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Everyone relies on us when it comes to Dramatica®

3 minutes
June 7, 2016

The Throughlines Of Whiplash

Want to be truly great? Take a look at how *Whiplash* accomplished their feat of monumental storytelling.

Continuing our series of Throughline Thursdays, we take a look at last year’s music-mentorship-gone-bad Whiplash starring J.K. Simmons and Miles Teller.

Every complete story consists of Four Throughlines. Mash these all together and you have the recipe for a satisfying and emotionally fulfilling work of art.

  • Main Character: our personal look into the story
  • Influence Character: that pain-in-the-ass who forces us to face ourselves
  • Relationship Story: the ushy-gushy stuff between the IC and MC
  • Overall Story: basically what everyone thinks of when they think story

Most schools of thought combine the Main Character Throughline with the Overall Story Throughline thinking the “Protagonist” always has to be the one motivating the action of a story…ugh. This works for some stories, but not all. Seeing and appreciating the difference between the Main Character and the Protagonist opens up a such an amazing bounty of storytelling possibilities that it’s hard to understand why so many hold on to this outdated line of thought. Free your mind, Neo.

Whiplash oozes with entertaining and compelling conflict. Looking for the source of that conflict becomes job number one in ascertaining where the Throughlines fall within the narrative structure of the Dramatica Table of Story elements.

The Throughlines of *Whiplash*

As with our previous Throughline Tuesday Moulin Rouge!, the first thing that stands out in Whiplash is the relationship between student Andrew Neiman and teacher Terrence Fletcher. Hurling cymbals. Slapping faces. Their relationship centers around brutal and punishing Activities wherein Mentor beats upon Mentee in an effort to drum up some level of passion.

Ask anyone what they remember about Whiplash and they’ll tell you how much of a dick Terrence was to Andrew. That Fixed Attitude that Terrence brings influences and impacts every single person he comes into contact with. That attitude defines who he is and why he is able to challenge Andrew to face his own personal problems.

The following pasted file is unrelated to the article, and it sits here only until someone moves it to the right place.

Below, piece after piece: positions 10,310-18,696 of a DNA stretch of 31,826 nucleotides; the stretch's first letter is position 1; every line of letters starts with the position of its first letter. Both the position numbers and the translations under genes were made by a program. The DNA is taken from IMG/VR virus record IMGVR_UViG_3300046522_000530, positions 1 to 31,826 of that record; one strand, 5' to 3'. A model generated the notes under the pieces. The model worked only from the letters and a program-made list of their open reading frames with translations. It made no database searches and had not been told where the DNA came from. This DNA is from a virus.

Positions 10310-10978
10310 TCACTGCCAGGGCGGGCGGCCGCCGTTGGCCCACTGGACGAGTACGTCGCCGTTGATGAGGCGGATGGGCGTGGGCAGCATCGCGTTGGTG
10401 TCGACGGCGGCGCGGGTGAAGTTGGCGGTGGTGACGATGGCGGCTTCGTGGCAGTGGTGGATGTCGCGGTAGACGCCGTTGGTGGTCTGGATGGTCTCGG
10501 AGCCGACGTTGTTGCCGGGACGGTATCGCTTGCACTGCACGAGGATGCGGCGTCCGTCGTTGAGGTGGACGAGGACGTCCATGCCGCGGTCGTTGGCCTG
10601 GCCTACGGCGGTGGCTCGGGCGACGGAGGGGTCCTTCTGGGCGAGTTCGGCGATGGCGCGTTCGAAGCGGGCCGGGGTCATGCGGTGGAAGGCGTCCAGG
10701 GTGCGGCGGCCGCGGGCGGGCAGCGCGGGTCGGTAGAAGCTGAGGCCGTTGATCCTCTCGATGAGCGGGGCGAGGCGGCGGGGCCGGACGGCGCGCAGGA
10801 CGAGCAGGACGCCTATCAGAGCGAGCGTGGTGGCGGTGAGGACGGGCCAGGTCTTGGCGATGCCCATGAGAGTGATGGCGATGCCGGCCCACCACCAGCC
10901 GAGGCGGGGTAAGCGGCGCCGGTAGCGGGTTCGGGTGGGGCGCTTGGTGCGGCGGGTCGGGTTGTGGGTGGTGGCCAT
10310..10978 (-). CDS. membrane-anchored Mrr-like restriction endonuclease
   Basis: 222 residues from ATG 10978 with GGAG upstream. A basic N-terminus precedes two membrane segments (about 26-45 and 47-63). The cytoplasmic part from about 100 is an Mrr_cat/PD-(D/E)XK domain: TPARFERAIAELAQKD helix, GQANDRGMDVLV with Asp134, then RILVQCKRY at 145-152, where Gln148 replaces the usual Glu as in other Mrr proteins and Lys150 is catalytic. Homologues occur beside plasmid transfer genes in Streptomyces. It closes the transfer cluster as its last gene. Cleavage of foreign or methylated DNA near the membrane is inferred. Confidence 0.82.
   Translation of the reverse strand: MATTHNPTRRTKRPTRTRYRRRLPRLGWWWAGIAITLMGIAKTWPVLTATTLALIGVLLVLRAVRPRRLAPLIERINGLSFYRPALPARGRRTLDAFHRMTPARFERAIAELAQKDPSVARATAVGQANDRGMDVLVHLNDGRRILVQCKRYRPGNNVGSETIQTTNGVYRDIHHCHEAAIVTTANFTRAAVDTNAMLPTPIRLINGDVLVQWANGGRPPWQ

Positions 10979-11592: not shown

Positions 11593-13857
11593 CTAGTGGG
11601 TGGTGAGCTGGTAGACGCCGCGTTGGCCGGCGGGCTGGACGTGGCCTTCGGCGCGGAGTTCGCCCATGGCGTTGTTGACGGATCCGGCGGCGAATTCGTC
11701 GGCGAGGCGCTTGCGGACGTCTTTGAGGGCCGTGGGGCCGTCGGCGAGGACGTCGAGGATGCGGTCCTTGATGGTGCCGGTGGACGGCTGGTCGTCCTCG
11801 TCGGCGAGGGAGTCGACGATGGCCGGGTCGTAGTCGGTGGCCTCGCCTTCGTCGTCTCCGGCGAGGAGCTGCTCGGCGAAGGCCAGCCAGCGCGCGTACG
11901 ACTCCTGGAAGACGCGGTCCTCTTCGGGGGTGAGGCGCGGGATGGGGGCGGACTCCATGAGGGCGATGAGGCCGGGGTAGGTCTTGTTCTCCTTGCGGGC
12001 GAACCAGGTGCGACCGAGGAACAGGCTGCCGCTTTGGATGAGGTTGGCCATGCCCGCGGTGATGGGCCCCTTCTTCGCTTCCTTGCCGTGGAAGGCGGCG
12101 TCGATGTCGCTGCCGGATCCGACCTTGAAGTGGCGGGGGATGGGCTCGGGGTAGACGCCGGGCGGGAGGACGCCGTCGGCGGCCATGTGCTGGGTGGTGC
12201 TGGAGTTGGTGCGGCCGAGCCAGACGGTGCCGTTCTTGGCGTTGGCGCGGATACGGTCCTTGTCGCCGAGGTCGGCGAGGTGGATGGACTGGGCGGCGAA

And what were those problems? It can be hard to remember as it is downplayed within the narrative, but Terrence is smart enough to jab our Main Character with it: Andrew’s mother deserted both Andrew and his father when he was young—a Situation that continues to haunt the young drummer. This heavy chip on Andrew’s shoulder burdens him to the point of ending things with a new girlfriend because he doesn’t want her getting in the way of being great. Andrew would rather be alone than risk being hurt the way he was as a child.

The Overall Story Throughline returns to Terrence and his dysfunctional classroom. Berating students for playing in the wrong key and psychologically torturing them establishes a group dynamic defined by conflict arising from a Way of Thinking. Breaking his students down and changing how they think is the problem everyone in the story suffers from.

It’s important to note that the original term for Way of Thinking in Dramatica was, in fact, Psychology, and may be more accurate in terms of defining the conflict shared by everyone.

Whiplash is one of those films you can watch over and over again. That tendency towards repeated viewings is almost always a guarantee that all Four Throughlines exist. Why? Because having the opportunity to experience conflict both from within the Main Character Throughline and from without in the Overall Story Throughline perspective is something we simply can’t achieve in our own lives. That’s why we love stories and why Whiplash will always be one of the greats.

Never trust a Hero.

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